Remember the DOMAINNAME_CLOUD_SERVER environmental variable we passed into Traefik container. This is where it comes it handy. {{env "DOMAINNAME_CLOUD_SERVER"}} will refer to the domain name set for this variable.

PiHole frontend will be available at pihole.example.com. The service (backend) will be available at http://192.168.1.126:80 (note that port 80 is implied and it does not have to be specified explicitly), which is the IP address of the Raspberry Pi that runs PiHole.

In addition, we also have a middleware pihole-add-admin. This middleware is the add-prefix middleware that I explained previously for Guacamole. It will automatically add the ending /admin to pihole.example.com and take us directly to the admin page, instead of the one below.

Pihole Without Addprefix Traefik Middleware
Pihole Without Addprefix Traefik Middleware

Since our rules directory is dynamic, simply by adding this file to that directory we have created the route (i.e. it is immediately active and does not require Traefik to be restarted).

Note: For other apps that do not require additional middlewares lik PiHole, just delete pihole-rpi-add-admin under routers->middlewares. In addition, also delete the whole middlewares: block. You an find examples of other apps in my Github Repo.

Troubleshooting

Here are some issues either I ran into or others have mentioned. If none of the solutions listed below works, then feel free to join our Discord Server and ask for help.

Traefik 2 Not Pulling SSL Certificates

One of the most common reasons for this is that DNS changes have not propagated yet. Depending on the registrar, this can take several minutes.

If your staging was successful and fetching real certificates fail, wait a few more minutes and try again.

If after that Traefik 2 continues to fail to fetch certificates for some of the services, try adding the following label to each of the services.

      - &amp;quot;traefik.http.routers.jdownloader-rtr.tls.certresolver=dns-cloudflare&amp;quot;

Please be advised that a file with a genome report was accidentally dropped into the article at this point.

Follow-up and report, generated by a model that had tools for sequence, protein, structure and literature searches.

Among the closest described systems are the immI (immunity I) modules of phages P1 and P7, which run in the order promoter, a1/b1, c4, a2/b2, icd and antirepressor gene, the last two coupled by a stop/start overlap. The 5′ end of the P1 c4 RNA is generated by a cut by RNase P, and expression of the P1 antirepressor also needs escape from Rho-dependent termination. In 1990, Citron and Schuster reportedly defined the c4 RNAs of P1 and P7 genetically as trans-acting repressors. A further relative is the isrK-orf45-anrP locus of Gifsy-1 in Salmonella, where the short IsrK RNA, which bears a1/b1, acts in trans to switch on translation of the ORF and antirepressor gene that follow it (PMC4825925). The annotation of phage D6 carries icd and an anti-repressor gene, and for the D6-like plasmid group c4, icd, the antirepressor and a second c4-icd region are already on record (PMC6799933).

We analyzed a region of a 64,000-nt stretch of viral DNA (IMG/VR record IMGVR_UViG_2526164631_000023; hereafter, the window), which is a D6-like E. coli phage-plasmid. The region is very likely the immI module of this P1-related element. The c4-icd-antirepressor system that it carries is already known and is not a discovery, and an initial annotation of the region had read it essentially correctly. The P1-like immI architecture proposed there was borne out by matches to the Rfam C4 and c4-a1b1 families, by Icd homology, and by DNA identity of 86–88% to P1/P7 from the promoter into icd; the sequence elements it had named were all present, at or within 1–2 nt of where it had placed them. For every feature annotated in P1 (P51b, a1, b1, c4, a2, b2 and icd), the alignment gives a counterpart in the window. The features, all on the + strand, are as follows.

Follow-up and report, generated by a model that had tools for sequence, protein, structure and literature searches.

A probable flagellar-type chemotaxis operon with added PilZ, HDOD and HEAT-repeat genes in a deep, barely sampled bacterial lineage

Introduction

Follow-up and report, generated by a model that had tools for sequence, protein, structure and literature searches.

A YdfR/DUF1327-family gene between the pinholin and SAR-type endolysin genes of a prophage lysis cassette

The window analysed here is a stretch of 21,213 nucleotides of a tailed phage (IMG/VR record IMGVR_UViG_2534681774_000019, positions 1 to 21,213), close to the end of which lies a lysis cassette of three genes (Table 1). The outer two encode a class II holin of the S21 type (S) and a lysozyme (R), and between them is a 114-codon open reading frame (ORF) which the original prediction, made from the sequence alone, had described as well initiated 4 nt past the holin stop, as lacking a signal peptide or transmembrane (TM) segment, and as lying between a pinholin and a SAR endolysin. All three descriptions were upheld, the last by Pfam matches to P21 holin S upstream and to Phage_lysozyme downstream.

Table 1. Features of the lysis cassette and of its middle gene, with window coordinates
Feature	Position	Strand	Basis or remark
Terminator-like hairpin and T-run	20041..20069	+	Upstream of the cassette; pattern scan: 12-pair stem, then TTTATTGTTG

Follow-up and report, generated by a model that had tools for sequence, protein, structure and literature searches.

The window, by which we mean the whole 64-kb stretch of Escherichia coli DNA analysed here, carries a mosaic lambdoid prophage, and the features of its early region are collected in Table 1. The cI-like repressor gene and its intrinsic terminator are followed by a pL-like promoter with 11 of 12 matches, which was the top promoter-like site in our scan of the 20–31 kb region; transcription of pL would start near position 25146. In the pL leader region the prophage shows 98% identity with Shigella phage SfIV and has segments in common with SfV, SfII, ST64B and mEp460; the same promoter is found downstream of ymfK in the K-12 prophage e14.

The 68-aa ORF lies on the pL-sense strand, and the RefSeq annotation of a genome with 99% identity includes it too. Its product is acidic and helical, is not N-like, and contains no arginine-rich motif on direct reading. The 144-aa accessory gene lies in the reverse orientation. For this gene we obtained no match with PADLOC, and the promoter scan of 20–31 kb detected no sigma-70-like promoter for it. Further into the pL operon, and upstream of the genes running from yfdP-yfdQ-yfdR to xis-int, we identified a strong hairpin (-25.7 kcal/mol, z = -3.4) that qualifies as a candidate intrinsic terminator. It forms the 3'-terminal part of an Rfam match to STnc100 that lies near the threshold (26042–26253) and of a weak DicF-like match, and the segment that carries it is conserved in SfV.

Remember that we added this certresolver router to our Traefik 2 service and commented it out once wildcard certificates were pulled. We did not add this to any other service. Adding this seems to resolve the problem for some.

The downside to adding the certresolver router label to each service is that Traefik will fetch separate certificates for each subdomain instead of using the wildcard certificate.

Typos and Misnaming

Typos and misnaming are two of the most common mistakes people do. For example, when I was creating Portainer, I had a typo in a middleware name. This caused Portainer to not start.

Checking Traefik 2 logs can help you figure out what the problem is. In addition, check Traefik 2 dashboard for more information (see below).

Traefik V2 Router Error On Dashboard
Traefik V2 Router Error On Dashboard

In the case of Portainer, upon digging deeper, Traefik 2 dashboard revealed that Traefik 2 could not find the middlewares.chain-no-auth.

Traefik 2.0 Router Error Details
Traefik 2.0 Router Error Details

This should have been middlewares-chain-no-auth (- instead of .). Once I fixed this issue, Portainer started right up.

404 or Cloudflare 502

The most common reason for these errors are:

  1. The service did not start properly
  2. The service port defined under Traefik labels is wrong

For 1) check the logs for service to ensure it starts without problems. Sometimes improper permissions for the app data folder can cause the service to not start. If the service started without problems, then check that you specified the right port for the service under Traefik labels (commonly overlooked during copy-pasting).